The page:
Just to follow up, I experimented with the motor. I tried all three combinations of the three connectors on 110 and nothing. Then I tried hooking brown and green to 110 and put a capacitor between red and brown. It was a 30 microfarad 450 volt I had lying around. The motor ran smoothly, but after a couple minutes the capacitor got too hot and started smoking. Anyway, it looks like the wiring does need a cap of some value between 2 of the wires.
            Was the cap non-polarized?

            -js
            There are no stupid questions. But there are lots of stupid answers. This is the internet.

            Location: SF Bay Area

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            • #7
              Originally posted by Jim Stewart View Post

              Was the cap non-polarized?

              -js
              As-in, NOT a motor start type, but a motor run type..... Most motor run caps are OK with going right across the line, but the wrong size capacitor can resonate, and may then have a much larger current than intended going through it (and a high voltage across it, too.)
              2801 3147 6749 8779 4900 4900 4900

              Keep eye on ball.
              Hashim Khan


              It's just a box of rain, I don't know who put it there.

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              • #8
                Thanks for the responses. Well, I had thought it was non polarized. Metal can with lugs and two identical non marked terminals in the middle of the can. After the question, though, I looked closer and the printing on the can said can negative. I've some large non polarized, but of a pretty large size for the small motor. Any guess what value range I might want?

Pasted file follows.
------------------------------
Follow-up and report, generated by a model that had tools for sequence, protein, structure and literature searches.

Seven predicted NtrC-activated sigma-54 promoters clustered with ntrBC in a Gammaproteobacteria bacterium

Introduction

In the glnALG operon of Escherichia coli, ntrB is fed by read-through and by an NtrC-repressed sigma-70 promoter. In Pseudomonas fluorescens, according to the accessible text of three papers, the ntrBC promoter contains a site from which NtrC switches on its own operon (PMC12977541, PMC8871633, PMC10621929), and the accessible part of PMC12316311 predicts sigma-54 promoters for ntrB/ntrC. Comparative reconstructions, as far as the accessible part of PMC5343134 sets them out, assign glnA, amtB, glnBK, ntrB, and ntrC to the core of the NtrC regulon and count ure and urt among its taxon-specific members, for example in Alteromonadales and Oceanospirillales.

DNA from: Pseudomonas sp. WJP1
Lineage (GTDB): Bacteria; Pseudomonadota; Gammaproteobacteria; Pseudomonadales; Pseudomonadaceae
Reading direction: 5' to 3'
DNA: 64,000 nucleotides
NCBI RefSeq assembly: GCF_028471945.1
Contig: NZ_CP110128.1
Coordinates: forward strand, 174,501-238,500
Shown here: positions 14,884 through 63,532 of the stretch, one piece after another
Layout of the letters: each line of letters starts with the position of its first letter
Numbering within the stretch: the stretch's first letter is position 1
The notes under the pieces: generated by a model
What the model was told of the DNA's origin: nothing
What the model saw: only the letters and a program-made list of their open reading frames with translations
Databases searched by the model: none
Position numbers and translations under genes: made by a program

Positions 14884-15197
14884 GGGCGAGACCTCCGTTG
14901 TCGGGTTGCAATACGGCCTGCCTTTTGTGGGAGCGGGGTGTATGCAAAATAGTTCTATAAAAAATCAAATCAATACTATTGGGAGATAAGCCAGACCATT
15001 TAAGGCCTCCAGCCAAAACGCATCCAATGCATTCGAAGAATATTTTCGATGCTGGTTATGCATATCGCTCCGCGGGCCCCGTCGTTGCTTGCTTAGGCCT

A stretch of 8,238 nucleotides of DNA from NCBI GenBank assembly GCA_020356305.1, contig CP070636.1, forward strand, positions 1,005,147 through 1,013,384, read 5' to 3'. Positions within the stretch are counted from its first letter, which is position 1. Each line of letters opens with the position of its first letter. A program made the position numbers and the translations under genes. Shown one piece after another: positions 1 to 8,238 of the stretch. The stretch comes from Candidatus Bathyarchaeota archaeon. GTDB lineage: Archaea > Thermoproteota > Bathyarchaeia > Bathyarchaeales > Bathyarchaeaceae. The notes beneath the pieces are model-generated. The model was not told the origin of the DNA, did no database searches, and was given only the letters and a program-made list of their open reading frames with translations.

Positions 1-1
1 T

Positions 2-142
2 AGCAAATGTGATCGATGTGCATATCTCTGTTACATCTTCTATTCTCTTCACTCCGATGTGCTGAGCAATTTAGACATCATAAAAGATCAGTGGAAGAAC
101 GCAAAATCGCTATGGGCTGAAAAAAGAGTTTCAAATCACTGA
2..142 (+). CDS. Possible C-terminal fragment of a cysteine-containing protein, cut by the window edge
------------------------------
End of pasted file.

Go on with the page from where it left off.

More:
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                • #9
                  A reasonable value would be that which exhibits a reactance the same as the resistance of the run winding. So if that is 100 ohms, a capacitance of

                  C = 1 / ( Xc * 2 * PI * f) = 1 / (200 * 3.1416 * 60) = 26.5 uF

                  Probably anything between 20 and 30 uF will work. You can try a few values and choose one which draws the least current (or highest power factor).
                  http://pauleschoen.com/pix/PM08_P76_P54.png
                  Paul , P S Technology, Inc. and MrTibbs
                  USA Maryland 21030

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                  • #10
                    Just as a refresher..

                    On a four wire system dont ever call common ground , even though.. Safer not to JR
                    My old yahoo group. Bridgeport Mill Group

                    https://groups.yahoo.com/neo/groups/...port_mill/info

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                    • #11
                      i know little if anything about electric motors, but replaced a start capacitor on my 1940 something Craftsman drill press a couple years ago. Doing some reading (only enough to be dangerous), I saw where some motors use only a start capacitor. There is some kind of weighted centrifugal switch that disconnects the start capacitor once it gets up to a certain rpm. They make a "click" sound when you shut the motor down or start it up. Could your motor have a stuck centrifugal switch inside causing the capacitor to be connected too long and overheating? Just a wild guess.
                      S E Michigan

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                      • #12
                        On a motor that size a 10 mfd run cap would be about the right size or even smaller. We used 35's on AC compressor motors larger than 1 hp. Yes and Brown is usually the cap wire.
                        Retired - Journeyman Refrigeration Pipefitter - Master Electrician - Fine Line Automation CNC 4x4 Router